"Stoker" begins and ends with an 18-year-old girl. That is the film's allure - and not just for audiences. It's what drew Korean director Chan-wook Park ("Oldboy") to make this his Hollywood debut.
"My daughter is 18 years old," Park deadpans, as if that was explanation enough. A thriller about a poker-faced girl named India whose mourning for her dead father is interrupted by the arrival of her beguiling Uncle Charlie, "Stoker" is a movie of mysteries.
Who and what is this Uncle Charlie (Matthew Goode)? What's so creepy about him? How will his relationship with his late brother's widow (Nicole Kidman) play out? And is he a mentor, or a threat, to the creepily quiet India (Mia Wasikowska)?
"It's hard to guess whether India is a heroine about to slay a dragon or a beast being born," John DeFore wrote in The Hollywood Reporter. India, an outsider at school, not close to her mother and wary of this uncle interloper, seems equally capable of violence or victimhood. And that's how Wasikowska plays her.
Wasikowska, 23, says she "was fascinated by this person who seems very in control for somebody her age. She doesn't give away any cues as to who she is, even in ways we're not aware we're thinking about. Her intonation, her facial expressions, all very stripped down."
And that made the "Alice in Wonderland" star Park's ideal choice for India.
"Whenever you see teenage girls, you know there is something about them you cannot quite figure out - a mystery," Park explains through an interpreter. "You sense that she's troubled, but you cannot figure out what it is. You ask, 'What's bugging you?' because you can't work it out. But she won't tell you. That's a teenage girl. Mia still has that quality about her."
Wasikowska looked at "Stoker" as her chance to say goodbye to teen roles, and sees the cryptic India as the perfect way to go out with a flourish.
"This is her coming of age, her sexual awakening," she says. "Everything in her life has accumulated, come to a boil at once, and that creates this climactic moment in her life. She wants to free herself from her home, her mother, her childhood." Uncle Charlie's arrival is the spark for that volatile mix.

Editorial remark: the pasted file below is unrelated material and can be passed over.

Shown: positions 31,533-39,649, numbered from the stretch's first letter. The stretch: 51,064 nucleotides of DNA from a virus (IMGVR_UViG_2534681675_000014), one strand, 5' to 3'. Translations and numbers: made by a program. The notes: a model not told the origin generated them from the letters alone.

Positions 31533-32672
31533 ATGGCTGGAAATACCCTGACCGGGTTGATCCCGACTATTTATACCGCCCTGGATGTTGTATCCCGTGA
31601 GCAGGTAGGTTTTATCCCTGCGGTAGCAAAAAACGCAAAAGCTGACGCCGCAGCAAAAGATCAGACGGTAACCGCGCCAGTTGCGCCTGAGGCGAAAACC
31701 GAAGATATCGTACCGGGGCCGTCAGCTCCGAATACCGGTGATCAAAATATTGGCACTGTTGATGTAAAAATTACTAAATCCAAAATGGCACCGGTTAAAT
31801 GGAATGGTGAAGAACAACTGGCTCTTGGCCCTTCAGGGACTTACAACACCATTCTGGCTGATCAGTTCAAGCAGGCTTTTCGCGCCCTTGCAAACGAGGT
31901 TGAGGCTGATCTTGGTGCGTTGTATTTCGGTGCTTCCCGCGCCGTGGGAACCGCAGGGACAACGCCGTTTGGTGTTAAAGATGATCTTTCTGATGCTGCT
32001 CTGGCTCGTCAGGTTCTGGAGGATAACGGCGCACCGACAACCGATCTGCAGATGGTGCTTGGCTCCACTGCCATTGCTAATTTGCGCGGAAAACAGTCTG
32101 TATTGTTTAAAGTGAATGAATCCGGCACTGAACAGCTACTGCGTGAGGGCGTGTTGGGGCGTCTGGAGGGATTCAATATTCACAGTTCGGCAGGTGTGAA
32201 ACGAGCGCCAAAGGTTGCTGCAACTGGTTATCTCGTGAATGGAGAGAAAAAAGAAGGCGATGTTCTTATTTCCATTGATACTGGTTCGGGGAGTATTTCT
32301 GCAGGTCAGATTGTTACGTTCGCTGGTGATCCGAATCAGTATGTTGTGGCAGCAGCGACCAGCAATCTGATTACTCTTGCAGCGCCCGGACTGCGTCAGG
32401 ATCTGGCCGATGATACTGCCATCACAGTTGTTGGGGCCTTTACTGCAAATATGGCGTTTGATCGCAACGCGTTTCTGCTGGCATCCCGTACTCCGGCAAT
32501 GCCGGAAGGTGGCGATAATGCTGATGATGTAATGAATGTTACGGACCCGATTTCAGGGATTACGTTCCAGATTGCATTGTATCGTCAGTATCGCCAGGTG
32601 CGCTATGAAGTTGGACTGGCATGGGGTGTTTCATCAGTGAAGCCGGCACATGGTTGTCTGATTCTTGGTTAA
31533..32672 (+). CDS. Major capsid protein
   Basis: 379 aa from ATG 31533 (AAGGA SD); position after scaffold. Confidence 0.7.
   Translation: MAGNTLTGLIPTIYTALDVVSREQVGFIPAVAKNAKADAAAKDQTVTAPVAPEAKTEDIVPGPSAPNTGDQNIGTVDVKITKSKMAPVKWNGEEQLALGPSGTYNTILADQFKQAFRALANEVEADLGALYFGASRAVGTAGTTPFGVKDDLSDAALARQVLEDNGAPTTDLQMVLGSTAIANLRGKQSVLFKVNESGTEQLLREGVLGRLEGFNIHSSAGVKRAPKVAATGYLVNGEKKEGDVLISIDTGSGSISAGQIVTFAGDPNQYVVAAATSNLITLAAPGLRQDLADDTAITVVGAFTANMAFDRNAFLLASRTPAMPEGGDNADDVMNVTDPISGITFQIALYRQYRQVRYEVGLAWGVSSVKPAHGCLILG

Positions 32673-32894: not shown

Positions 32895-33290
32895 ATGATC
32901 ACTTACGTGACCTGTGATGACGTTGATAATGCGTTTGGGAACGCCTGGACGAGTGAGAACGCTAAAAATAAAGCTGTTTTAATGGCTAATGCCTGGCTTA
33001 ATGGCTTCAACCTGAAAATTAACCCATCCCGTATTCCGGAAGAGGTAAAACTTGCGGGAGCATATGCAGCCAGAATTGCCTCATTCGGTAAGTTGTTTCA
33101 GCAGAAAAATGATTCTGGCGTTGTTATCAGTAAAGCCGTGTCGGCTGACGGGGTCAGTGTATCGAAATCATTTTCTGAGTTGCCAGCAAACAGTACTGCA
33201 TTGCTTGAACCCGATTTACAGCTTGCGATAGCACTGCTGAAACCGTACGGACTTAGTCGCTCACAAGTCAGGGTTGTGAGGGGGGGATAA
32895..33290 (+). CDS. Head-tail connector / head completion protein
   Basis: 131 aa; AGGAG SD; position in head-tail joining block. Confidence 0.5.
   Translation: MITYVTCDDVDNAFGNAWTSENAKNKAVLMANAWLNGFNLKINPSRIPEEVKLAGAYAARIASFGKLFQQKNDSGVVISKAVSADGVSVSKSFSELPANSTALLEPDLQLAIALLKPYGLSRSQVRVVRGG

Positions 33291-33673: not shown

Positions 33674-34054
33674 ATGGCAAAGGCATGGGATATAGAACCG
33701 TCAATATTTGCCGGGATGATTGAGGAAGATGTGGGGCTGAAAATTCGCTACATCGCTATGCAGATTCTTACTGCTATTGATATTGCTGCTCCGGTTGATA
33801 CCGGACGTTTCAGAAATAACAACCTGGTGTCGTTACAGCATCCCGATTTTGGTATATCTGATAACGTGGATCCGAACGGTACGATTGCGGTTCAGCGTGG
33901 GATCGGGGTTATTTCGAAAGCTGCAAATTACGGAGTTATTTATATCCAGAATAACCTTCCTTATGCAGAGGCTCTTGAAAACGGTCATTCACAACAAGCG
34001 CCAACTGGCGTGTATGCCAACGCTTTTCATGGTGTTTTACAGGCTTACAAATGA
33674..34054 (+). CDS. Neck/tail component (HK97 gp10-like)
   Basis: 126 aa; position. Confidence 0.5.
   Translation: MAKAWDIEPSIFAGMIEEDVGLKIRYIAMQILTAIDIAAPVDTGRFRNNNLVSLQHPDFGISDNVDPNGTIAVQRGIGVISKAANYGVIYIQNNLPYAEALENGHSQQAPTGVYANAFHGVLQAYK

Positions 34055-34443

"Stoker," scripted by the actor-turned-screenwriter Wentworth Miller, has nods to an earlier master of the genre, Alfred Hitchcock. "How Hitch did it" was never discussed on set, "but he seemed to follow the production around," Wasikowska says. "I have seen a lot of his films, and there is plenty going on here that is reminiscent of his work," especially Hitchcock's 1940s film, "Shadow of a Doubt," which has a naive niece hanging out with an Uncle Charlie who isn't at all what he seems.
"You could see ?what was on Wentworth Miller's mind," Park says. "The connection wasn't a big part of the script, and I didn't want to make the movie even more of a Hitchcock homage than it already was. I was striving to bring out the hunter/predator theme. But in doing that, I decorated India's father's room with stuffed birds that he had shot. It was only later that I realized that I was doing something Hitchcock did (in "Psycho", for instance). Invariably, if you make a thriller, you are paying tribute to Hitchcock."
And the filmmaker, best known for his "Vengeance Trilogy," which includes the controversial and much-discussed "Oldboy," doesn't want to narrow down the possible interpretations of his first American movie to "another exploration of vengeance" or "a Hitchcock homage," Park says.
"One of the joys of cinema is when the audience has options, the chance to make their own interpretations," Park says. "That is the mystery I want to maintain in this movie."